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David Wojnarowicz: Against Time

David Wojnarowicz: Against Time

Review by Eddie Baker

David Wojnarowicz’s recent Whitney retrospective—aptly titled History Keeps Me Awake at Night—bespeaks the lapses and pitfalls that come with digging into the past. Wojnarowicz, catapulting gloriously between the mediums of collage, sculpture, photography, painting, writing, and No Wave music, called into question the cultural mythologies that shape the writing of history. Inhabiting the very periphery of American life, Wojnarowicz operated from the privileged yet precarious position of the outsider. “I have always felt alienated in this country,” he writes in his memoir Close To the Knives, “and thus have lived with the sensation of being an observer of my own life as it occurs.” Living with HIV at a time when widespread misinformation and government neglect forced AIDS patients to the margins of society, Wojnarowicz struggled to voice his personal account of AIDS with volume, urgency, and accuracy. His work demands an uncompromising history of the AIDS crisis. And so it is crucial to ask: How did the Whitney and the exhibition’s framing of Wojnarowicz’s work engage with this history?

João Gilberto Noll’s <br><i>Quiet Creature on the Corner</i> & <i>Atlantic Hotel</i>

João Gilberto Noll’s
Quiet Creature on the Corner & Atlantic Hotel

Reviewed by Christopher Fletcher

I read João Gilberto Noll’s two novels The Quiet Creature on the Corner and Atlantic Hotel in swift succession on a rainy afternoon, a reading punctuated with the heavy sound of the light rail moving alongside. I finished one and immediately started the other, reading until it was time to move on. For weeks after, I rued that marathon reading session as I tried to disentangle the plots in my mind. Atlantic Hotel featured a narrator nearing middle-age trundling from room to room in search of himself. Quiet Creature featured a young narrator being bundled from place to place as he waits to come into his own. Or was it the other way around?

László Krasznahorkai's <br><i>Seiobo There Below</i>

László Krasznahorkai's
Seiobo There Below

Review by Adam Z. Levy

Published in Hungarian in 2008, nearly twenty years after the fall of the Berlin Wall, László Krasznahorkai’sSeiobo There Below depicts a search for the sacred in a sprawling, indifferent, borderless world in its current moment of decay...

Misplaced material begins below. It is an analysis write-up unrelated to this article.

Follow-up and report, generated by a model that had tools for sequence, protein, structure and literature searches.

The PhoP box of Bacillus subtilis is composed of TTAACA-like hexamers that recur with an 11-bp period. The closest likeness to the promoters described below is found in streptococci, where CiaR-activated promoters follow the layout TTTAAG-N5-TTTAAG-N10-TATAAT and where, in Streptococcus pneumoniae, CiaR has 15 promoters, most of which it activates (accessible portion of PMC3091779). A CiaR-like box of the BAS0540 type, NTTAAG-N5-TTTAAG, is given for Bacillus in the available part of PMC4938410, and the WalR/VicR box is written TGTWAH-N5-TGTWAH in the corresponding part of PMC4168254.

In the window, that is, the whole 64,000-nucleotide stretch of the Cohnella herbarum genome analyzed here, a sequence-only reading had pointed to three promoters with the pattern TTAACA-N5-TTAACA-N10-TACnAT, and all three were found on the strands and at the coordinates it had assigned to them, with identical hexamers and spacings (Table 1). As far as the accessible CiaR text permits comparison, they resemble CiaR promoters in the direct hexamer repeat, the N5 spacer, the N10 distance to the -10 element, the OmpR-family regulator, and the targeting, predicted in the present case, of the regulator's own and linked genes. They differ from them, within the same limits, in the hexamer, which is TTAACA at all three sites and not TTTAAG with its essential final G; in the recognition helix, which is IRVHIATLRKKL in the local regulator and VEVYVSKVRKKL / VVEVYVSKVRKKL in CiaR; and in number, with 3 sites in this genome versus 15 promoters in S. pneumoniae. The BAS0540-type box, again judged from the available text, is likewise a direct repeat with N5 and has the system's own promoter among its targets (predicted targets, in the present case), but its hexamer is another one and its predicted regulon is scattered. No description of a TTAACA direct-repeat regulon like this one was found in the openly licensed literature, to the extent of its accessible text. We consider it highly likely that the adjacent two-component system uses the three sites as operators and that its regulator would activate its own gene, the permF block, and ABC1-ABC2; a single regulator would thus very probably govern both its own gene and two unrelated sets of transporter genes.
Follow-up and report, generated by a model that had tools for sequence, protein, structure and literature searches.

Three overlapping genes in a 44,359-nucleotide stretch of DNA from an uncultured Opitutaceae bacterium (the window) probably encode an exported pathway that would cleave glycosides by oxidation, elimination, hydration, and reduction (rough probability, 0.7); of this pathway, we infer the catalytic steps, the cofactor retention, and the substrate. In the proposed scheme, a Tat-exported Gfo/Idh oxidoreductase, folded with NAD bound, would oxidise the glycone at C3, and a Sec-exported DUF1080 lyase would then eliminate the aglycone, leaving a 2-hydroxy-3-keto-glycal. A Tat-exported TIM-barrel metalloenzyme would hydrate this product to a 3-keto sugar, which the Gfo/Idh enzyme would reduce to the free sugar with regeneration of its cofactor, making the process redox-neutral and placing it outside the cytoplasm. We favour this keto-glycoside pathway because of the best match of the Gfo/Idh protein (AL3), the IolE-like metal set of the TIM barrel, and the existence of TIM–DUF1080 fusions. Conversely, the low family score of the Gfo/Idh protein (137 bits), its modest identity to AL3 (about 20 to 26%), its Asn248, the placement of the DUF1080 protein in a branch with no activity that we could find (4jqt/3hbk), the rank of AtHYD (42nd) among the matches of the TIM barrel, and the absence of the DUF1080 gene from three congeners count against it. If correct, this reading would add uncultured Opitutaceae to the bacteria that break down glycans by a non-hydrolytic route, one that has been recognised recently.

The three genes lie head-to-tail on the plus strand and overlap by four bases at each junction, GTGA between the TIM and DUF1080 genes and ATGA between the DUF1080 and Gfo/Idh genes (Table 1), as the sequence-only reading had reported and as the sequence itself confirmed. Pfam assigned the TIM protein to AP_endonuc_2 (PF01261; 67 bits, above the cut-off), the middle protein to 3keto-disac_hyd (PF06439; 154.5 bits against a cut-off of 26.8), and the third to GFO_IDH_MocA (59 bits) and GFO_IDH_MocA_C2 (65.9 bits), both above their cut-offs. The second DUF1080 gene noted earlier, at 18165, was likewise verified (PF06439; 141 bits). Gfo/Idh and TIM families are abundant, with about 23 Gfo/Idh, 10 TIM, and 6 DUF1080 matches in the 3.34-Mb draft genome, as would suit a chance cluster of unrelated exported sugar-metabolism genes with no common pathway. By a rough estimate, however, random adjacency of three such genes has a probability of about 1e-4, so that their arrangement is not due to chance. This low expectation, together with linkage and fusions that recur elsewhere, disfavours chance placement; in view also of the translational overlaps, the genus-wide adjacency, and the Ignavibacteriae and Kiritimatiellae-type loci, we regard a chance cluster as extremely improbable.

Thomas Pynchon's <br><i>Bleeding Edge</i>

Thomas Pynchon's
Bleeding Edge

Review by Jonathan Sudholt

Bleeding Edge is Thomas Pynchon’s 9/11 novel, and he turns his attention to a “post-late capitalist” military-industrial complex that is all grown up...

Javier Marías's <br><i>The Infatuations</i>

Javier Marías's
The Infatuations

Review by Morten Høi Jensen

As a character in Javier Marías's The Infatuations likes to remind us, it is not the plot of a novel that is important—what happens is so easily forgotten—but rather the “possibilities and ideas that the novel’s imaginary plot communicates to us and infuses us with”...

Steven Moore's <br><i>The Novel: An Alternative History, 1600–1800</i>

Steven Moore's
The Novel: An Alternative History, 1600–1800

Review by Jeff Bursey

The cover of Steven Moore's The Novel: An Alternative History, 1600-1800 may entice. It’s of a young woman happily reading a book while lying nude on her bed. No men disturb her bedroom pursuit of pleasure...

Anne Carson's <br><i>Red Doc></i>

Anne Carson's
Red Doc>

Review by Madeleine LaRue

Anne Carson's Red Doc>, though populated by visionaries and prophets, is in part about the undoing of that youthful action, about learning not to see...

Iva Bittová

Iva Bittová

Review by Ian Patterson

Iva Bittová’s eclecticism is evident on her debut as leader for ECM, an intimate solo performance where her voice blends with violin and kalimba in an intoxicating brew that is both ethereal and invigoratingly rootsy...

Mikhail Shishkin’s <br><i>Maidenhair</i>

Mikhail Shishkin’s

Review by Christiane Craig

Beneath the surface chaos of its many narratives, Mikhail Shishkin’s Maidenhair would appear fractal in its logic...


George Szirtes's <br><i>Bad Machine</i>

George Szirtes's
Bad Machine

Review by Bethany W. Pope

How do we distinguish, George Szirtes asks in Bad Machine, between the physical form, which passes away, and the spark—or, according to one poem, smoke—that sets us apart from other animals?